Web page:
Faith leaders have plenty on their radar screens these days: poverty, homelessness, joblessness, to name a few. So when the faith community responds to something, you know it's important because it has moved up through the priorities and floated to the top.

That's what happened this past week . . . and it should cause us all to do a double take.

Notwithstanding attention-getting headlines like urban violence, racial inequities, and economic downturns, more than 100 faith leaders representing tens of thousands of people of faith across the Chesapeake Bay watershed stopped what they were doing and took action. They came together in a unified message about the moral imperative to restore the waters of the Chesapeake.

Their united voice was articulated in a letter addressed to Virginia Governor Terry McAuliffe, Chair of the Chesapeake Executive Council, which has the reins on the Chesapeake Clean Water Blueprint, the regional plan to restore the Bay and its rivers and streams. The faith leaders challenged the governors of all six watershed states and the D.C. mayor to re-commit to the hard work that lies ahead to meet agreed-upon milestones in the Blueprint. They affirmed the great work that has been accomplished thus far, but recognized that we simply have not done enough to heal our watershed. Speaking with one voice, "If our generation will not accept responsibility for this, who will?"

Bishops, Presbyters, clergy, congregational leaders, and faith-based organizations from Christian, Jewish, Muslim, Sikh, Unitarian, and Non-Denominational traditions shared a common concern about the Chesapeake Bay watershed. And, why does this matter to them?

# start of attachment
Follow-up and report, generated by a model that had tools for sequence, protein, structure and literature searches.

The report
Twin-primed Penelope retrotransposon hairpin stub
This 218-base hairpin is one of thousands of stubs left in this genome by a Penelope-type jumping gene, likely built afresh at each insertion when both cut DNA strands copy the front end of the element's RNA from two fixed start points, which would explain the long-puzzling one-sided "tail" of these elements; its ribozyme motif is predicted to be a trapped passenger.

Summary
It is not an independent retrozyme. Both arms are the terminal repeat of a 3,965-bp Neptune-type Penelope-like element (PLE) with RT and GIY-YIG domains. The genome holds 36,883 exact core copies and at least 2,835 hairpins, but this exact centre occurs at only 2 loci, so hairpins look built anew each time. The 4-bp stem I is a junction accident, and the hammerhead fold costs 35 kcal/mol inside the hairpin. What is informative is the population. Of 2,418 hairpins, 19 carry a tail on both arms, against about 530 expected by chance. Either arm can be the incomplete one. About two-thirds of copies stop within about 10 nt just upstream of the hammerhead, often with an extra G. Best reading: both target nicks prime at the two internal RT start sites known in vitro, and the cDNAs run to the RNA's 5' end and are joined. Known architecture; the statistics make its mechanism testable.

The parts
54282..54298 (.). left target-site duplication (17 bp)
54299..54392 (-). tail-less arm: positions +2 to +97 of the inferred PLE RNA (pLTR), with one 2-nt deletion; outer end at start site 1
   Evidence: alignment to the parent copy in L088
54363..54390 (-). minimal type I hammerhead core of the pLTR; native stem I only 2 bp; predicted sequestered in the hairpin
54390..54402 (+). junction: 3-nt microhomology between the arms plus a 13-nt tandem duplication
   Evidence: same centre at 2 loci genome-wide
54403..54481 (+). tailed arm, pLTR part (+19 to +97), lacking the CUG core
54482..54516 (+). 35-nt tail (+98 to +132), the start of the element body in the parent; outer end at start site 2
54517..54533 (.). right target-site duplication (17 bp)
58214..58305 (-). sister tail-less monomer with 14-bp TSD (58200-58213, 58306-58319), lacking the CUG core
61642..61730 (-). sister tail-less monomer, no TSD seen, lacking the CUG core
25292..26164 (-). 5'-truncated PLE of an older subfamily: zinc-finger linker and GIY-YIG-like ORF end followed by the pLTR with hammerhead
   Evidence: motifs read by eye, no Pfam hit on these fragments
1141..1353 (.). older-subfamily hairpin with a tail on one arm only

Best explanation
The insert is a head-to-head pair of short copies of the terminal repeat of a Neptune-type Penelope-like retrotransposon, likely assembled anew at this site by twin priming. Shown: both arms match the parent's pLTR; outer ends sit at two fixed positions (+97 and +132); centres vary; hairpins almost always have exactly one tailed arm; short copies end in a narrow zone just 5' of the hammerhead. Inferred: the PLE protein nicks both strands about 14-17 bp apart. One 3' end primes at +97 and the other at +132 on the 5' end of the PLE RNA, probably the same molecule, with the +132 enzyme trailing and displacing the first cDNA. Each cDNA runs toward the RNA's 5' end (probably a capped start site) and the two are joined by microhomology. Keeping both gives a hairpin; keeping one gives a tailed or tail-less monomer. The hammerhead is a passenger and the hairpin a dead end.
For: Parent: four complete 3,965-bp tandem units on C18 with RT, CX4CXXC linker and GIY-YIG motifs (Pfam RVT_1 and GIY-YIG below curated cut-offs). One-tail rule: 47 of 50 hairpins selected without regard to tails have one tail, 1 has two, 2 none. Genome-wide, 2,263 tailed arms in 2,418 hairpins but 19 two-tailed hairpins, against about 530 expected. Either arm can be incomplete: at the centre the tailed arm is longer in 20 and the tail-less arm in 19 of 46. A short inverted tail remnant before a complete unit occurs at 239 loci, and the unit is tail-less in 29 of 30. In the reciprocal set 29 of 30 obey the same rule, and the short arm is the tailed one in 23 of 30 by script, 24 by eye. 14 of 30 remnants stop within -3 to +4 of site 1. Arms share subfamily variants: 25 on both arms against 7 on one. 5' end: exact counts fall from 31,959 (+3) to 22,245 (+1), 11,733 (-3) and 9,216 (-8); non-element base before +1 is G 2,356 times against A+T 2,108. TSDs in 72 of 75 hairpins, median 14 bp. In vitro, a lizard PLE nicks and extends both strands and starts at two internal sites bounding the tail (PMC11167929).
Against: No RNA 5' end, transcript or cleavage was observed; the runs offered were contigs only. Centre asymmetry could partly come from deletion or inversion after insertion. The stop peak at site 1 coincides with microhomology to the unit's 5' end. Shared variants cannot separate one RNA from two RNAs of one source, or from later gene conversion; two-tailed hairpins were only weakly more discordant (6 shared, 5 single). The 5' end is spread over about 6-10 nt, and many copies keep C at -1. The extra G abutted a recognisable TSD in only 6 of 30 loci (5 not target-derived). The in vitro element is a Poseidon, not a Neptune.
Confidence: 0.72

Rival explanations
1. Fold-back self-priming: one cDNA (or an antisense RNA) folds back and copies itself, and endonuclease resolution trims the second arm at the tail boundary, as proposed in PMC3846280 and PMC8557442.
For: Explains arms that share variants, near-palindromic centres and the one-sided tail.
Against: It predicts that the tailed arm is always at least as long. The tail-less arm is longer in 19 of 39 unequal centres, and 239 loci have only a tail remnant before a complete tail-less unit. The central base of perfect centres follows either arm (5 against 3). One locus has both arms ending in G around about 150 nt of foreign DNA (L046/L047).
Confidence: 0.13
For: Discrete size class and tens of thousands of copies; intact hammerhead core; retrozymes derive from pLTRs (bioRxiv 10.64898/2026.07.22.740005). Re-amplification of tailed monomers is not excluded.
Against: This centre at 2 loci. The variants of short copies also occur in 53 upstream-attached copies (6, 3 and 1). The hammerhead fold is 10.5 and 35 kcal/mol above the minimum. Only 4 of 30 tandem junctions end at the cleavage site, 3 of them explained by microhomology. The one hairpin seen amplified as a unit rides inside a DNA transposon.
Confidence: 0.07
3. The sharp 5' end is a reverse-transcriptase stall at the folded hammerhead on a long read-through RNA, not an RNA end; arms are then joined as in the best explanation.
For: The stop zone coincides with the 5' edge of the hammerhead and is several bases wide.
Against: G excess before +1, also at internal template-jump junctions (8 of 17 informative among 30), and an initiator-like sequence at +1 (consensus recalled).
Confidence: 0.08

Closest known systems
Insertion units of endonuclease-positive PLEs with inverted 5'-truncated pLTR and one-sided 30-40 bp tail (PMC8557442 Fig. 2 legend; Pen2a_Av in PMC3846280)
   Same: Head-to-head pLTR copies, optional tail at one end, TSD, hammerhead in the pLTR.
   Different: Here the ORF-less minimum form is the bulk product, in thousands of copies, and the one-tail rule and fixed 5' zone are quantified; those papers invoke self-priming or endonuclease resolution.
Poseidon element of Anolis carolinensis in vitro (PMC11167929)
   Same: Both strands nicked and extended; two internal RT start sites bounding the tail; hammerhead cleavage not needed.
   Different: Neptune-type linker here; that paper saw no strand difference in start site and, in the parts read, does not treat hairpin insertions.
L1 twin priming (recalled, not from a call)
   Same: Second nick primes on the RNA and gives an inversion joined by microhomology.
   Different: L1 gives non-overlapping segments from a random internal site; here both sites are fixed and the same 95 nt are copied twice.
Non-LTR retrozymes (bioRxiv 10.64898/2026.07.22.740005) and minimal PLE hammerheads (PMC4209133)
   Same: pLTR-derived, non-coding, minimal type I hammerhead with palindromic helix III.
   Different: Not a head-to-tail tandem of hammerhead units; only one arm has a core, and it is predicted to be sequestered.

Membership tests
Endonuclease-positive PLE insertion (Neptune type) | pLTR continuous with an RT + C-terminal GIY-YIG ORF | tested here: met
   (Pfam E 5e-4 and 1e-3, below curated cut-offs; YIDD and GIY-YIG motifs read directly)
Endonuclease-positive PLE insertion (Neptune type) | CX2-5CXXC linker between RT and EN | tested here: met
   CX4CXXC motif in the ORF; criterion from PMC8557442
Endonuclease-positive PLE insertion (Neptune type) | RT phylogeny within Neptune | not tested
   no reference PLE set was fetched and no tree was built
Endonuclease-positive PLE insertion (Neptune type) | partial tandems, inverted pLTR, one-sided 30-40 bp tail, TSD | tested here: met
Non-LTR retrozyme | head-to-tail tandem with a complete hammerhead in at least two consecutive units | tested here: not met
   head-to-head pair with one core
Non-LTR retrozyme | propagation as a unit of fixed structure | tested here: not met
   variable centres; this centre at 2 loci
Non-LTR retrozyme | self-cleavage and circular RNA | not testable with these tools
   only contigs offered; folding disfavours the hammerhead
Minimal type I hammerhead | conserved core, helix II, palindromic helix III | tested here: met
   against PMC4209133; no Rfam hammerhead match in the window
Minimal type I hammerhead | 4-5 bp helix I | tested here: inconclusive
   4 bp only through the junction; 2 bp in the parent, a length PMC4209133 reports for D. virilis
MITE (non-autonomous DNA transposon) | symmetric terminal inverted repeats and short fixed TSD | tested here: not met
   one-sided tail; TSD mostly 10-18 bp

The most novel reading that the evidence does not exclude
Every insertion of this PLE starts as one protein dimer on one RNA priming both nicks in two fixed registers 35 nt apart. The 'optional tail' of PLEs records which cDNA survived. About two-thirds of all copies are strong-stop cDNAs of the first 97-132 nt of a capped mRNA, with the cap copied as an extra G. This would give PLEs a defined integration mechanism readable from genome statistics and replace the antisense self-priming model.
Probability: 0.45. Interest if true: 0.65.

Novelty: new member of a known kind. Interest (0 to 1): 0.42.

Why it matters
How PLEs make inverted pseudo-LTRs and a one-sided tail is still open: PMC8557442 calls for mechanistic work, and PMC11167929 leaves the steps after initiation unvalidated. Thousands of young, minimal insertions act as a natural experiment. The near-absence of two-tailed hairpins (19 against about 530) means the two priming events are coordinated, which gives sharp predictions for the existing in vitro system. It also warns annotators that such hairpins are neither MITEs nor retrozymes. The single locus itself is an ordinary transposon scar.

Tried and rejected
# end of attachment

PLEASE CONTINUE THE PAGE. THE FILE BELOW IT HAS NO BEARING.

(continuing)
The answer is simple. Until we heal the Earth, we cannot heal ourselves. Until we love the Earth, we will not love each other. Until we honor the sacred waters that connect us all to each other, we will continue to disrespect those downstream of us and those who will walk in our footsteps for generations to come. As Wendell Berry eloquently said, "Do unto those downstream as you would have those upstream do unto you." Loving each other is the fundamental tenet of all faiths. Loving each other by respecting the Earth is the natural extrapolation of this.

We heard this recently in Pope Francis' Encyclical Laudato Si', released in June 2015. "All of us are linked by unseen bonds and together form a kind of universal family, a sublime communion which fills us with a sacred, affectionate and humble respect." (89) He goes on to say: "We are not faced with two separate crises, one environmental and the other social, but rather one complex crisis which is both social and environmental. Strategies for a solution demand an integrated approach to combating poverty, restoring dignity to the underprivileged, and at the same time protecting nature." (139)